The attorney for Tulsa Police Officer Betty Shelby accused police chief Chuck Jordan of back-channel efforts to circumvent his own investigator and ensure charges against Shelby would be filed following the shooting death of Terence Crutcher in September.
The accusation came during the close of Tuesday’s preliminary hearing, after Special Judge Martha Rupp Carter told Shannon McMurray (one of Shelby’s attorneys) she could not call her own witnesses. Rupp Carter eventually bound over Shelby for trial on the first-degree manslaughter charge she faces.
McMurray responded to Rupp Carter by telling the judge she believed one of her proposed witnesses, officer Tyler Turnbough, would testify that he only drew his Taser during the encounter with Crutcher because Shelby had already drawn her handgun. McMurray said she believed Turnbough would testify that if Shelby had instead drawn her Taser, he would have drawn his handgun, and he would have shot Crutcher as he reached into his SUV that day.
McMurray then said that if Jordan “testified honestly,” he would tell the court that he was so “afraid of civil unrest” that he took “pre-emptive steps” to get charges filed by meeting with Mayor Dewey Bartlett and District Attorney Steve Kunzweiler. That was, she said, because TPD Homicide Sgt. Dave Walker was set to hand to Kunzweiler a report recommending no charges be filed against Shelby for the shooting.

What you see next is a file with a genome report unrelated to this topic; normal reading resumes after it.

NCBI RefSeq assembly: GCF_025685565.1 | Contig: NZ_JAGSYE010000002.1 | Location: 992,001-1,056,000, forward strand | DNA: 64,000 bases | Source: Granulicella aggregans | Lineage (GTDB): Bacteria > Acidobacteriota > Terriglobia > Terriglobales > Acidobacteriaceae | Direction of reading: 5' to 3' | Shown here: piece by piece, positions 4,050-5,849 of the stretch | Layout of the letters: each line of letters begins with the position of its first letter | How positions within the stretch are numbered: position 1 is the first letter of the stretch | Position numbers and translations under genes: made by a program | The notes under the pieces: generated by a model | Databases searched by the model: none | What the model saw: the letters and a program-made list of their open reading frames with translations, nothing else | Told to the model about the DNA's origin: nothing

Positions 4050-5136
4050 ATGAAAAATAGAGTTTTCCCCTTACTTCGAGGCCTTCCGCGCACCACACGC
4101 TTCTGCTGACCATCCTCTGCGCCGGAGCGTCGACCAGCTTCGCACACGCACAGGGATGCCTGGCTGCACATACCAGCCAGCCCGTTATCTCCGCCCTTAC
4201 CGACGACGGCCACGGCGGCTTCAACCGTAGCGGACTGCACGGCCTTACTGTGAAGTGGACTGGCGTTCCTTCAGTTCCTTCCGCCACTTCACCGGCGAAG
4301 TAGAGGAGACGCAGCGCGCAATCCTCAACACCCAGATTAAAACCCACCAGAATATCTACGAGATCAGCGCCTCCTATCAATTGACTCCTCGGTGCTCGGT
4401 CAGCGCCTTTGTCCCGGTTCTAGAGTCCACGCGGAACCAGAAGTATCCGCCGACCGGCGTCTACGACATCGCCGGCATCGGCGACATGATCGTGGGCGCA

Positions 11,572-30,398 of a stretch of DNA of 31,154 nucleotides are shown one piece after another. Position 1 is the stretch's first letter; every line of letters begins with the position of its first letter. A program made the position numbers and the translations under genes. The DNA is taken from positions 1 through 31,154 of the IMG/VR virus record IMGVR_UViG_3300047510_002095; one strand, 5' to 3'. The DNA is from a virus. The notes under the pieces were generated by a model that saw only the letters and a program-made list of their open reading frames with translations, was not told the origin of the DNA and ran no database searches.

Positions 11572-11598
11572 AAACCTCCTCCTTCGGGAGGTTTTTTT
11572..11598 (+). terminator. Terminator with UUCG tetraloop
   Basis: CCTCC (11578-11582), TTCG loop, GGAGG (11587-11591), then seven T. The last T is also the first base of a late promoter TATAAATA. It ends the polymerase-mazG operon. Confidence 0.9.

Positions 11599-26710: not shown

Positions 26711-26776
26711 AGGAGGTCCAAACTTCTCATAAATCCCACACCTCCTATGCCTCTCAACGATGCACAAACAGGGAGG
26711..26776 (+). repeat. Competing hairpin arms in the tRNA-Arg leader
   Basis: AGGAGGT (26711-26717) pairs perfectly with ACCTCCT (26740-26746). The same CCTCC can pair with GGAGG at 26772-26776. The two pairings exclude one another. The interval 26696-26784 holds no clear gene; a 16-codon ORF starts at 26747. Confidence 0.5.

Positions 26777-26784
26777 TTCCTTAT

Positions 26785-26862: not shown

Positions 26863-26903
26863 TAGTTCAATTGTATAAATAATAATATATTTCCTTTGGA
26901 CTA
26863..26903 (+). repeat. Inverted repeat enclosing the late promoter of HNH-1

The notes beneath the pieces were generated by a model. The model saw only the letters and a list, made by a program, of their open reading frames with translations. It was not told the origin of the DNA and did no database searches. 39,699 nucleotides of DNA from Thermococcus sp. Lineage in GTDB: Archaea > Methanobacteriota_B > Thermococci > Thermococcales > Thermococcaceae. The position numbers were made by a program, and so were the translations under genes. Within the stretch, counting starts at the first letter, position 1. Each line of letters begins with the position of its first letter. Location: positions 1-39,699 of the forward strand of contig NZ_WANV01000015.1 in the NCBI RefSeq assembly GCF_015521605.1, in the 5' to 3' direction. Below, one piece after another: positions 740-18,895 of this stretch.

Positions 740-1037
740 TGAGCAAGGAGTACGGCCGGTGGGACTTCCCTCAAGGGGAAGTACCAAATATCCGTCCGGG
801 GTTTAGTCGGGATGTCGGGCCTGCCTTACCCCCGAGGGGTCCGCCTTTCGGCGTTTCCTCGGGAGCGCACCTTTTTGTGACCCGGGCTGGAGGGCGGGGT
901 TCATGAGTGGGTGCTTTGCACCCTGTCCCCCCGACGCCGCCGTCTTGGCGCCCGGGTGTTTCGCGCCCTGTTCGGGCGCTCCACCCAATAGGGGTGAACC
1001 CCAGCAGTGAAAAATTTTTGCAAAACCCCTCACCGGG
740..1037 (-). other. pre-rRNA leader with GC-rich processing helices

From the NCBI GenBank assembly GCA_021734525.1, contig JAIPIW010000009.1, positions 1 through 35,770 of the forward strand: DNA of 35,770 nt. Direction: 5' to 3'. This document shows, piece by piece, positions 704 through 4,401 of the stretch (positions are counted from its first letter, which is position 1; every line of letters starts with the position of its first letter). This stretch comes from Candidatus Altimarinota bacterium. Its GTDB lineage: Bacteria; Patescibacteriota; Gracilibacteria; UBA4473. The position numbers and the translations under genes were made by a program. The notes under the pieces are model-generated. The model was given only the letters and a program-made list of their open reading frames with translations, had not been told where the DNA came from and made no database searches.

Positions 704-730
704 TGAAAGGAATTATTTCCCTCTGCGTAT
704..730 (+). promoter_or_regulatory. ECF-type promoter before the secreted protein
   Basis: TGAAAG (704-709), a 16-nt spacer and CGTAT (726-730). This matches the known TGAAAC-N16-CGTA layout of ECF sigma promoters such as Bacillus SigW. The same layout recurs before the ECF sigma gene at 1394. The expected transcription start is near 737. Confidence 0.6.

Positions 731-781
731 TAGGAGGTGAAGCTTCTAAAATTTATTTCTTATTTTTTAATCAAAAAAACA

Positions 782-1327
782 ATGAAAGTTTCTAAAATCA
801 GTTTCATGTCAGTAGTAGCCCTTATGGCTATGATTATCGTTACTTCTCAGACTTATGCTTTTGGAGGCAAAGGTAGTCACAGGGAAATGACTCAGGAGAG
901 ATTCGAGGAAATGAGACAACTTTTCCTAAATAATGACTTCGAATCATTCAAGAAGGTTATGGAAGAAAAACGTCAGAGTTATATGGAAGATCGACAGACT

Jordan said in the days following the shooting that he met with Crutcher’s family, as well as north Tulsa community leaders, to speak with them and let them view the videos of Crutcher’s death before they were released to the public. In a press conference prior to the videos’ release and to the charge being filed, Jordan promised to “achieve justice” in Crutcher’s death.
Following the hearing, Kunzweiler vehemently denied the allegation of any type of collusion.
“That did not happen,” he told reporters.
In the two months since the shooting, neither Walker nor any TPD spokesperson has commented on whether Walker planned on recommending charges against Shelby. A hastily called press conference where Kunzweiler announced Shelby was being charged with first-degree manslaughter happened the day before Walker planned to give Kunzweiler his report.
When Kunzweiler charged Shelby, the affidavit attached to the charge was written by Kunzweiler’s investigator Doug Campbell. Kunzweiler said after the hearing that he had seen enough documents and video to make his decision without relying on Walker’s full report.
“I very specifically talked with (Jordan) and said ‘I’m ready to make my decision. I’m prepared to file charges, I can have my investigator do that or you can have one of your officers (do that,”) Kunzweiler said. “Given the delicate nature of the circumstances involving his department, It was (Jordan’s) request that my investigator prepare the affidavit … I recognize it was a difficult case for the Tulsa Police Department.”
Walker testified during Tuesday’s hearing, but when McMurray attempted to ask him if his report would have recommended charges against Shelby, the line of questioning was stopped by Rupp Carter.
It’s unclear what influence McMurray alleges Jordan and Bartlett would have had over Kunzweiler. He said following the hearing that he “should not be the district attorney if I’m letting somebody’s political interests overcome what my duty under the law is.”